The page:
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Insanely Great: The Life and Times of Macintosh, the Computer that Changed Everything

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The creation of the Mac in 1984 catapulted America into the digital millennium, captured a fanatic cult audience, and transformed the computer industry into an unprecedented mix of technology, economics, and show business. Now veteran technology writer and Newsweek senior editor Steven Levy zooms in on the great machine and the fortunes of the unique company responsible fo The creation of the Mac in 1984 catapulted America into the digital millennium, captured a fanatic cult audience, and transformed the computer industry into an unprecedented mix of technology, economics, and show business. Now veteran technology writer and Newsweek senior editor Steven Levy zooms in on the great machine and the fortunes of the unique company responsible for its evolution. Loaded with anecdote and insight, and peppered with sharp commentary, Insanely Great is the definitive book on the most important computer ever made. It is a must-have for anyone curious about how we got to the interactive age.


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The creation of the Mac in 1984 catapulted America into the digital millennium, captured a fanatic cult audience, and transformed the computer industry into an unprecedented mix of technology, economics, and show business. Now veteran technology writer and Newsweek senior editor Steven Levy zooms in on the great machine and the fortunes of the unique company responsible fo The creation of the Mac in 1984 catapulted America into the digital millennium, captured a fanatic cult audience, and transformed the computer industry into an unprecedented mix of technology, economics, and show business. Now veteran technology writer and Newsweek senior editor Steven Levy zooms in on the great machine and the fortunes of the unique company responsible for its evolution. Loaded with anecdote and insight, and peppered with sharp commentary, Insanely Great is the definitive book on the most important computer ever made. It is a must-have for anyone curious about how we got to the interactive age.

30 review for Insanely Great: The Life and Times of Macintosh, the Computer that Changed Everything

  1. 4 out of 5

    Joshua

    I fell under the spell of Steve Jobs after finishing Walter Isaacson's biography of him, and fortunately I'm slowly stepping out of the glow of the "reality distortion field." What hasn't changed since my reading of Isaacson's biography however, is an admiration and fascination with the personal computer movement and the way it crafted a rhetoric of computers as a means of changing the world. As such I've been looking for books which explore the Apple Phenomena and Steven Levys book does just th I fell under the spell of Steve Jobs after finishing Walter Isaacson's biography of him, and fortunately I'm slowly stepping out of the glow of the "reality distortion field." What hasn't changed since my reading of Isaacson's biography however, is an admiration and fascination with the personal computer movement and the way it crafted a rhetoric of computers as a means of changing the world. As such I've been looking for books which explore the Apple Phenomena and Steven Levys book does just that. Now obviously the reader of this book will walk away with the realization that Levy is a bit biased. It doesn't help that he was a writer for MacWorld magazine. Despite his connection, Insanely Great is a wonderfully written book that manages in each chapter to instill the reader with a sense of how dramatic a change the Mackintosh computer actually was. Even if the reader is computer-illiterate, Levy writes in a way so that so that terms like bit-mapping, point-click-interface, PARC, or even Graphical-User-Interface(sometimes referred to as GUI or "Gooey") no longer seem like unreadable jargon. The reader is able to appreciate the developments of the engineering feats which allowed the Mackintosh to become the computer that changed the world. Levy's book isn't without faults, because honestly the last two chapters didn't keep the same pace that the early sections did. Nevertheless Levy is able to follow the development of the computer and the people who made it to try and understand exactly how the computer altered the cultural landscape. Computers have changed virtually every level of our society, and their future impact is changing everyday. Some might disagree with the thesis that the Mackintosh changed the computer industry, but by the end of the book they will hopefully agree or respect Levy's claim that the Mackintosh left a dent in the universe that we're still feeling today.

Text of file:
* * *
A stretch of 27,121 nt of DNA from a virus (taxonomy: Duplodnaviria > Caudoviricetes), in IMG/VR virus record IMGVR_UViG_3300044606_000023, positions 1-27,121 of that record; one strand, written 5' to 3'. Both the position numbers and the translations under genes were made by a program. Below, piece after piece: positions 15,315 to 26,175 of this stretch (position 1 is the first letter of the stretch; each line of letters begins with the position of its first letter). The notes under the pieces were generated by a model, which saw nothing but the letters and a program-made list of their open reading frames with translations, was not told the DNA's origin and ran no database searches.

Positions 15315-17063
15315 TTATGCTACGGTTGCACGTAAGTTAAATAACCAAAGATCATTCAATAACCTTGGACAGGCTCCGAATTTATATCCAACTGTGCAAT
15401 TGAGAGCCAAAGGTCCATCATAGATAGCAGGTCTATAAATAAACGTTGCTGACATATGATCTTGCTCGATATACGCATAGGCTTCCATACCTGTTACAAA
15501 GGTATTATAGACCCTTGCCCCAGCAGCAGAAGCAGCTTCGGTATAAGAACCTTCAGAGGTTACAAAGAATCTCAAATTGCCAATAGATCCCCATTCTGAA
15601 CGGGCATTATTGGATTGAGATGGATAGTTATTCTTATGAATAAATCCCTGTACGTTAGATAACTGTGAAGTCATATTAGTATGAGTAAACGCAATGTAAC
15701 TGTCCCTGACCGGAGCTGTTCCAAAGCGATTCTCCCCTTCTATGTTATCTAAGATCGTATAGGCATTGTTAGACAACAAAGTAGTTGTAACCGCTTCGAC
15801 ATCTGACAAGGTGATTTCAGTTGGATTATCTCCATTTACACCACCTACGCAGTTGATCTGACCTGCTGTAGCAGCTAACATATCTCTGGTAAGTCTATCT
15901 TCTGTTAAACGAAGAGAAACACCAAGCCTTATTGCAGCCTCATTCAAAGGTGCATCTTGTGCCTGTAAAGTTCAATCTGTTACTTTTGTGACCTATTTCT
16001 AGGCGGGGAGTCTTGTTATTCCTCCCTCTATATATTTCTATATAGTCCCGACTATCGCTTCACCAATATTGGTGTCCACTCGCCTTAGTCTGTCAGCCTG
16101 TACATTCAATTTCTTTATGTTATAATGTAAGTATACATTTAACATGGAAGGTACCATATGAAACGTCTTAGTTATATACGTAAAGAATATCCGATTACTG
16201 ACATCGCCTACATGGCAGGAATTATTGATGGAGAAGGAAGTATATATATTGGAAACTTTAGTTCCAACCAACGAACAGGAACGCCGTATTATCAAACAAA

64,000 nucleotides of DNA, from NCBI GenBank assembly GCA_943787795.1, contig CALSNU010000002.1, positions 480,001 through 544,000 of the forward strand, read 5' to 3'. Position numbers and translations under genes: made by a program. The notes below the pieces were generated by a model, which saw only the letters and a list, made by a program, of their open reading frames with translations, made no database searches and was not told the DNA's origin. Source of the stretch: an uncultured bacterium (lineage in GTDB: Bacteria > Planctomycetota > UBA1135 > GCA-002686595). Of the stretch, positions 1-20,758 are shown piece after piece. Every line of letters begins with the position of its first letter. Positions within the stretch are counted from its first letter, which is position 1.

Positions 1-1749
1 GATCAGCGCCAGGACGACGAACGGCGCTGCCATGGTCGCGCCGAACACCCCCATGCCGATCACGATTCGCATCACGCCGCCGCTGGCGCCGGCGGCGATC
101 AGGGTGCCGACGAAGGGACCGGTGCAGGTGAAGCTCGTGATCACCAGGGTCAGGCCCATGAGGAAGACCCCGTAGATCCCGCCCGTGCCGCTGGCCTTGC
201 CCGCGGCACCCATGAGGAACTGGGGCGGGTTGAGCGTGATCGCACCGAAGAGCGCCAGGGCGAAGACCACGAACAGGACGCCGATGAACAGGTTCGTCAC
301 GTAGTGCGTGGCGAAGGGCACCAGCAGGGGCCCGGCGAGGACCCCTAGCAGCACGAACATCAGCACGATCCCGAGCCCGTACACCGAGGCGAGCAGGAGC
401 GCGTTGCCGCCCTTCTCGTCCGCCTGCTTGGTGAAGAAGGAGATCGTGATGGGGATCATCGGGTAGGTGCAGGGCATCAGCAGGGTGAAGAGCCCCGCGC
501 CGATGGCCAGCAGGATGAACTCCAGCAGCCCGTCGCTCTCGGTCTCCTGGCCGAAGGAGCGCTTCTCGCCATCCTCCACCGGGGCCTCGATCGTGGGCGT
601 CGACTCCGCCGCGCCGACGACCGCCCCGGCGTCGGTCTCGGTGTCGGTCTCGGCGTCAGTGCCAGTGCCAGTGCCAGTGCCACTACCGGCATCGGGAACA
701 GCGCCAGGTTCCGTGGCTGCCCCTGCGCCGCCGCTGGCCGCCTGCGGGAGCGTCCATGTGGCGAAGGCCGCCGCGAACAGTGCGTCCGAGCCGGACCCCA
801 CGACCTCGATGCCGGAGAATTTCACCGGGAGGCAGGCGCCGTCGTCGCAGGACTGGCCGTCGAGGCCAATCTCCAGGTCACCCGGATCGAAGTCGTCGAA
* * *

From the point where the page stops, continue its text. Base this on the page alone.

2. 4 out of 5

    Aku

    A good overview of how the Macintosh came to be and of the people who made it happen. Steven Levy is a writer who seems to divide opinions. I liked his earlier book Hackers a *lot*, and this book continues with the same style, although this time solely focused on Apple and Macintosh. This time a couple of his stylistic devices rubbed me the wrong way, though — he seems to have a real penchant for obscure words with perfectly good common alternatives. This style of writing can come acr A good overview of how the Macintosh came to be and of the people who made it happen. Steven Levy is a writer who seems to divide opinions. I liked his earlier book Hackers a *lot*, and this book continues with the same style, although this time solely focused on Apple and Macintosh. This time a couple of his stylistic devices rubbed me the wrong way, though — he seems to have a real penchant for obscure words with perfectly good common alternatives. This style of writing can come across as pretentious, especially when combined with the fact that Levy is definitely a user and not a hacker himself. The Kindle edition of this book is a terrible OCR job filled with all kinds of errors from encoding issues to persistent stray punctuation marks and weird substitutions. All that aside, the book is definitely primary source material when it comes to how the Macintosh was born. Well worth the read for everyone interested in the most important personal computer of the 80's, and arguably, of all time.